Eat local. That’s the mantra of some of the county’s (and the country’s) top restaurants, where menus list farm names as readily as ingredients. But, while many restaurants are measuring “local” in miles, some chefs are defining it as being within a few steps of their own kitchens, by growing their own produce on-site. Of course, it’s not a new approach. For thousands of years, people have been cooking with the local ingredients that they could grow, domesticate, or forage (no, trendy Nordic chefs didn’t invent this) themselves. Whether it’s a few acres or a few square feet, chefs know that fresh food tastes better. It’s as simple as that.
At Purdy’s Farmer & the Fish, co-owner and Chef Michael Kaphan is growing more than just a small garden. The historic 1775-farmhouse restaurant is surrounded by three acres of terraced farmland growing everything from asparagus to watermelons to chili peppers. During the summer, 75 to 90 percent of the produce served in the restaurant (everything except onions, garlic, citrus, and potatoes for french fries) will come from what’s grown on-site. There’s a hydroponic greenhouse overflowing with herbs, lettuces, and small tomatoes; a 3,000-square-foot high tunnel with rows of vegetables waiting to be transplanted or harvested; plus six beehives, stone fruit trees, berries, and whatever can be foraged (nettles and dandelion greens, for example) from the area. Nothing is sprayed with pesticides or fungicides. “If something gets fungus, we kill it and throw it away,” says Kaphan. “If we have an aphid or white flies, we buy its predator.” Inside the restaurant, a long blackboard lists what’s on the menu “From Our Field & Greenhouses” tonight.
It’s a constantly evolving process. “Every year, we grow the best of, and then we try something new,” he adds. This year, they’re adding cherry peppers, which they’ll pickle in-house, to perennial favorites like jalapenos and hard-to-find piment d’espelette (a hot red pepper from France’s Basque region that’s often powdered). Instead of black beauties or fairytale eggplants, Kaphan says they’ll only grow the Thai variety because it’s what customers seem to love. And fingerling and Red New Orleans potatoes are a must for popular dishes like scallop salad and lobster bakes. While there will be a full crop of watermelons, the plan is to yield just a couple cantaloupes for the cocktail menu.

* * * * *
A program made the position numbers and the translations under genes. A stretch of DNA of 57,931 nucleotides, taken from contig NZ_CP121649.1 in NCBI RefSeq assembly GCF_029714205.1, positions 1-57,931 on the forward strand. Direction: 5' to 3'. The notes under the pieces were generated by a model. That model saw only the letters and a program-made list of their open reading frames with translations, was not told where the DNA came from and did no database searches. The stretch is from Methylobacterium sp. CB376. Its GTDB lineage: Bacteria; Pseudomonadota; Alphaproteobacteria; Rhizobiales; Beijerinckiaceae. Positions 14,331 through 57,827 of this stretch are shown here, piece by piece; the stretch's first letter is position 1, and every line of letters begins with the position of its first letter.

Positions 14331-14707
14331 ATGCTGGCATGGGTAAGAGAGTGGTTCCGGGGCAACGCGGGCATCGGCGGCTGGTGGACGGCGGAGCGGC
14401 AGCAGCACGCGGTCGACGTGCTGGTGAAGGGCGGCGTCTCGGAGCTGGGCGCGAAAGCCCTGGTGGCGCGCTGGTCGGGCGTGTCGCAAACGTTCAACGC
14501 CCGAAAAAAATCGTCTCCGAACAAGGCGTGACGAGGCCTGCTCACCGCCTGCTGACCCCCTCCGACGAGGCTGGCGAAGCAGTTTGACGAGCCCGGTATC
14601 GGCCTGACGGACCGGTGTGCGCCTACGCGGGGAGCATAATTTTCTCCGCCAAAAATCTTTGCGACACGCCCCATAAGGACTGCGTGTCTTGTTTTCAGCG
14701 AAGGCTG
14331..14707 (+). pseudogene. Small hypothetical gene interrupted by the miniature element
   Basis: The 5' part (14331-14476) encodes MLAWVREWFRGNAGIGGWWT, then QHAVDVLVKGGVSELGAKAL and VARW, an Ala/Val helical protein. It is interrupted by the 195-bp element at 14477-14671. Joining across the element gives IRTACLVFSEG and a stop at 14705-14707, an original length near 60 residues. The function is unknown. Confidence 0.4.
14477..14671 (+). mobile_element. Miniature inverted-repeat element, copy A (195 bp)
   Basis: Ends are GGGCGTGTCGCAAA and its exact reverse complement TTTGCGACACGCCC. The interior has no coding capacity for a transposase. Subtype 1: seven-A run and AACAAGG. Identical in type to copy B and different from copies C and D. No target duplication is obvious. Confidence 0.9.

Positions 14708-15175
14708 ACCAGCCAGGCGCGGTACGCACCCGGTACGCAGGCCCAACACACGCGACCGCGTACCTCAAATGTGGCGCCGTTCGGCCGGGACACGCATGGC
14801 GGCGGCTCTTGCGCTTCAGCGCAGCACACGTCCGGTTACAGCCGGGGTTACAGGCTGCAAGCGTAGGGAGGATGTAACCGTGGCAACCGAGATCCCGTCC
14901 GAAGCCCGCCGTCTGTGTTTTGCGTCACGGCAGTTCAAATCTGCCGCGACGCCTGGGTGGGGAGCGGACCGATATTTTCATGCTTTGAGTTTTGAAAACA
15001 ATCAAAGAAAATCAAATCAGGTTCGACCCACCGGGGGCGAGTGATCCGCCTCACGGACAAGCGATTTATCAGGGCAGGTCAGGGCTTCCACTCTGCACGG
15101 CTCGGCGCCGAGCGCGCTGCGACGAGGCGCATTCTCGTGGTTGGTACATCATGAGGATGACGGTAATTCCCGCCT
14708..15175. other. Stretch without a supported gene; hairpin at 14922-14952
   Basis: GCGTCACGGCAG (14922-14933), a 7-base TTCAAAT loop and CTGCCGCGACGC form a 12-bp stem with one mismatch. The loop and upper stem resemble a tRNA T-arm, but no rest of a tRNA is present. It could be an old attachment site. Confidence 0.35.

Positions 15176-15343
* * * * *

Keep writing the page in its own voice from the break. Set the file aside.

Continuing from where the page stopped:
Kaphan and his team are also planning ahead for the off-season. The greenhouse and high tunnel extend the growing season into the spring and fall, and hearty greens like spinach might even last into early winter. They’ll also grow storage crops—kohlrabi, parsnips, rutabagas, and turnips—that they can cellar for winter, extra cucumbers to pickle, more than 300 tomato plants just for canning, and those espelette peppers? They can be dried and powdered, to sprinkle over salmon throughout the year.
In Ossining, Roger Mason, chef and co-owner of Basta, might not have three acres of farmland, but he’s doing just fine with nearly 2,000 square feet of roof space. “When I was young, I used to garden with [my grandfather],” says Mason. “So the basis of farming has kind of been with me since I was young.” In 2012, when he opened Basta with fellow CIA grad Leah DiSisto, there were just a couple planters outside growing fresh herbs, but the following summer, a customer from Briarcliff offered up his 1930s greenhouse that was in need of repair. From there, the garden ballooned to include the roof space above Basta and the adjoining store, where Mason has more than 300 tomato plants that go into Caprese salad and sauces, basil to finish nearly all the pizzas, eggplant for pasta dishes, plus kale, carrots, and lettuces.
When the weather chills and nothing grows on the roof, Mason turns his focus to other seasonal pursuits, like canning last-of-the-season tomatoes from a local farm in Yorktown, picking apples at his grandfather’s orchard upstate and curing his own prosciutto and pancetta.
Just up the river, there’s something growing on the roof at The Blue Pig in Croton-on-Hudson. Owner Lisa Moir’s boyfriend built plant beds on the roof of her eco-friendly scoop shop five years ago to grow herbs for her seasonal ice creams. Peppermint is soaked in milk to create the base for The Blue Pig’s Garden Mint Chip, spearmint gives a kick to the mojito sorbet, and thyme adds earthiness to a bright lemon sorbet.
At Amore in Armonk, the garden yields a sizeable crop of vegetables, to fuel specials throughout the summer and herbs to freshen up the cocktail menu. In the fall, diners can snag a table outdoors and nibble on fresh grapes picked from a trellis made of reclaimed 150-year-old barn wood.
Further south, Dubrovnik brings a taste of Old World Croatia to New Rochelle, with an inner courtyard bursting with plants. Chef Antonio Selendic works in the garden and the kitchen, growing heirloom tomatoes, eggplants, peppers, cucumbers, arugula, and herbs, transforming them into simple, fresh dishes like the Dubrovnik salad with Croatian cheese shavings. In the summer, he makes homemade linguine with yellow heirloom tomato sauce and fresh basil. Some of the garden’s bounty also makes its way onto the wood-burning grill, where it’s simply dressed with extra virgin olive oil, salt, and pepper. “Dubrovnik is unique in our area as the only Croatian restaurant around,” says owner Zeljko Tomic. “It is authentic to what the restaurant would be if located in Croatia.”